Video Review: Groundhog Day
by Karl Bowman and Jonathan Walker

Becoming a better man, one day at a time.

If you’ve read some of our previous reviews, you know that we believe a film’s theme to be at least as important as the images, sound, or technical execution of a film. The theme is the whole point of a movie, what makes it worth watching. So, if that theme is flawed, or in a worst-case scenario, untrue, the movie suffers and may even be destructive. On the other hand, when a movie’s theme is based on truth, it can be a powerful force for good, touching a universal audience.

Hollywood is often attacked for degrading and destructive material, but once in a while it surprises us with an affirming film that resonates with millions of people. One such film, a highlight of the 90’s, is Groundhog Day.

Phil Connors (Bill Murray), a cynical weatherman from a local news station, is assigned to cover the Groundhog Day festival in Punxsutawney, PA. He goes reluctantly (it is his fourth time covering it), but is committed to being unhappy about it. After going through the ritual with the “rat,” Phil, his producer, Rita (Andie MacDowell), and their cameraman (Chris Elliott) find themselves snowed in by a terrible blizzard. They won’t be leaving Punxsutawney anytime soon. The next morning Phil wakes up to find that it is Groundhog Day all over again. Each succeeding morning is also Groundhog Day! Regardless of what Phil does, he is trapped into reliving his most hated day over and over.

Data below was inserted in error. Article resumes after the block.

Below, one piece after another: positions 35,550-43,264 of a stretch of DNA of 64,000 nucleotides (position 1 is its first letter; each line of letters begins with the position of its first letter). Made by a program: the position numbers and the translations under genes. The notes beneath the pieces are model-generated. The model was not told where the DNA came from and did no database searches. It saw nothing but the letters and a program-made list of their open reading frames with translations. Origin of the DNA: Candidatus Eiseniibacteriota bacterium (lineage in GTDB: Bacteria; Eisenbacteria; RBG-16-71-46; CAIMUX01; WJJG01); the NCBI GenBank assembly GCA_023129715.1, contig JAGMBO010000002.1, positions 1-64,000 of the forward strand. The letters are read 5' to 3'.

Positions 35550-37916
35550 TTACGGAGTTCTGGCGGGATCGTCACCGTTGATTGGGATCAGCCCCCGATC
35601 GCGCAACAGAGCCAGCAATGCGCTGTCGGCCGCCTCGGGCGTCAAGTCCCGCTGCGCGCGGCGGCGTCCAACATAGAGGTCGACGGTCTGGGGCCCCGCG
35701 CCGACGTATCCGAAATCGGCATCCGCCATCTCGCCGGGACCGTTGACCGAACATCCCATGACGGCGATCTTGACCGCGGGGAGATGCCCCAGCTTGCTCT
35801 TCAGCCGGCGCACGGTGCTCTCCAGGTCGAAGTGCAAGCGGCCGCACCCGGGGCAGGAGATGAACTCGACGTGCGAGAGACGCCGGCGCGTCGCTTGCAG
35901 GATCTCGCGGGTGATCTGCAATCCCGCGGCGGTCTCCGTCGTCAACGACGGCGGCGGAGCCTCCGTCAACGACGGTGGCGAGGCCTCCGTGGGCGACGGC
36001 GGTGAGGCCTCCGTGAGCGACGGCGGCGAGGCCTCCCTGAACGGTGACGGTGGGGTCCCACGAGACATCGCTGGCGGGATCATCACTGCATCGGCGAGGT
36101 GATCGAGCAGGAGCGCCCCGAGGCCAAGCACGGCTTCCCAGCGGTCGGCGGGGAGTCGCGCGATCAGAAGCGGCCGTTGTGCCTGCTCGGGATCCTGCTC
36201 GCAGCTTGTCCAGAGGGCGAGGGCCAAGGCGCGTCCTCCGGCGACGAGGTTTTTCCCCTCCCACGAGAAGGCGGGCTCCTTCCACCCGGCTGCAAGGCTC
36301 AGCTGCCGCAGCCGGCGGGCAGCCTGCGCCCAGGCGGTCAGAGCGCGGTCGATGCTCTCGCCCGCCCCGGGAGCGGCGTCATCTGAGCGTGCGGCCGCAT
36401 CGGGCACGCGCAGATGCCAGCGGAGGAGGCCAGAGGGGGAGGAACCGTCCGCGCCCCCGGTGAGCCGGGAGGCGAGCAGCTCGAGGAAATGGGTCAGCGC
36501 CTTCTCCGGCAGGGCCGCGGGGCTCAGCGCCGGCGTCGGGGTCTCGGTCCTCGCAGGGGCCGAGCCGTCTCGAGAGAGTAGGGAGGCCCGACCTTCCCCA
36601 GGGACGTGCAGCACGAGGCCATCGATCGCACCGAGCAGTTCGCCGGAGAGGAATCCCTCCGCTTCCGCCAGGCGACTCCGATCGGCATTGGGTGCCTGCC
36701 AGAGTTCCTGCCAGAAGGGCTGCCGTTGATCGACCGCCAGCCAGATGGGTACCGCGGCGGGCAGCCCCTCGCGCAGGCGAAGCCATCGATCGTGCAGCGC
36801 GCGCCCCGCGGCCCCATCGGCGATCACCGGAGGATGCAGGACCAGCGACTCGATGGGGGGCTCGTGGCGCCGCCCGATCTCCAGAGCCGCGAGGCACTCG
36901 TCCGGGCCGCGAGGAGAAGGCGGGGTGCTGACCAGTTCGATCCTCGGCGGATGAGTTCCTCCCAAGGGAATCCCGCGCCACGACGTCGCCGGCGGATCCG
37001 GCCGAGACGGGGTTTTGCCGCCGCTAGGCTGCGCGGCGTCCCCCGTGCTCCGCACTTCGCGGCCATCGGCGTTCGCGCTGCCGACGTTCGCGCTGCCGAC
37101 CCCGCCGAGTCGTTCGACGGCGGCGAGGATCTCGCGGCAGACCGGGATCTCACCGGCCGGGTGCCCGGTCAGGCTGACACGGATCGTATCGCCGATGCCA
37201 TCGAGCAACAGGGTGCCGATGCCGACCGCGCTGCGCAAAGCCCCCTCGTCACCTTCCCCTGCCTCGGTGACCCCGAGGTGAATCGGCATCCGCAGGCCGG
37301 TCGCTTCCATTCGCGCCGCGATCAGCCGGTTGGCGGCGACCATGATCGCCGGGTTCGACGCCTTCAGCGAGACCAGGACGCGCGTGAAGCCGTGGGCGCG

A Road to Misery
Phil, predictably, doesn’t react well to this situation. He moves from denial to anger to ecstasy at being able to do whatever he wants without consequence. But his exultation is short lived. He soon realizes that reckless behavior and exploiting innocent people does not bring him the happiness he thinks it should. Things get so bad that he sees his only escape in suicide. But even death reverses itself when he wakes up the next morning to the same ol’ day.

All of this may sound hedonistic, but the truth is that Phil’s wrong choices make him miserable. The fact that each day gets worse and worse makes Phil rethink his attitude and understand that he has been living this day all wrong.

Moving Sequence
Perhaps the most moving sequence in the film occurs when Phil wakes up to the plight of an old homeless man. At first he gives him a handout, on another day he feeds him, and on yet another day he tries desperately to save his life, but every single time the man dies by the end of the day. The hilarity of the film is transformed into real compassion and pain at Phil’s inability to save this man. At this turning point, Phil determines to help all those in need.

The Film’s Meaning
Happily, all the technical contributions to the film are first-rate. Bill Murray, is in magnificent form and Andie MacDowell is perfectly cast as the epitome of inner and outer beauty-something Phil Connor can aspire to. The technical elements serve beautifully to reinforce the main theme: selfishness leads to a meaningless existence. And it’s corollary: selflessness bring joy to oneself and others. But Groundhog Day doesn’t stop there. It explores several other sub-themes including: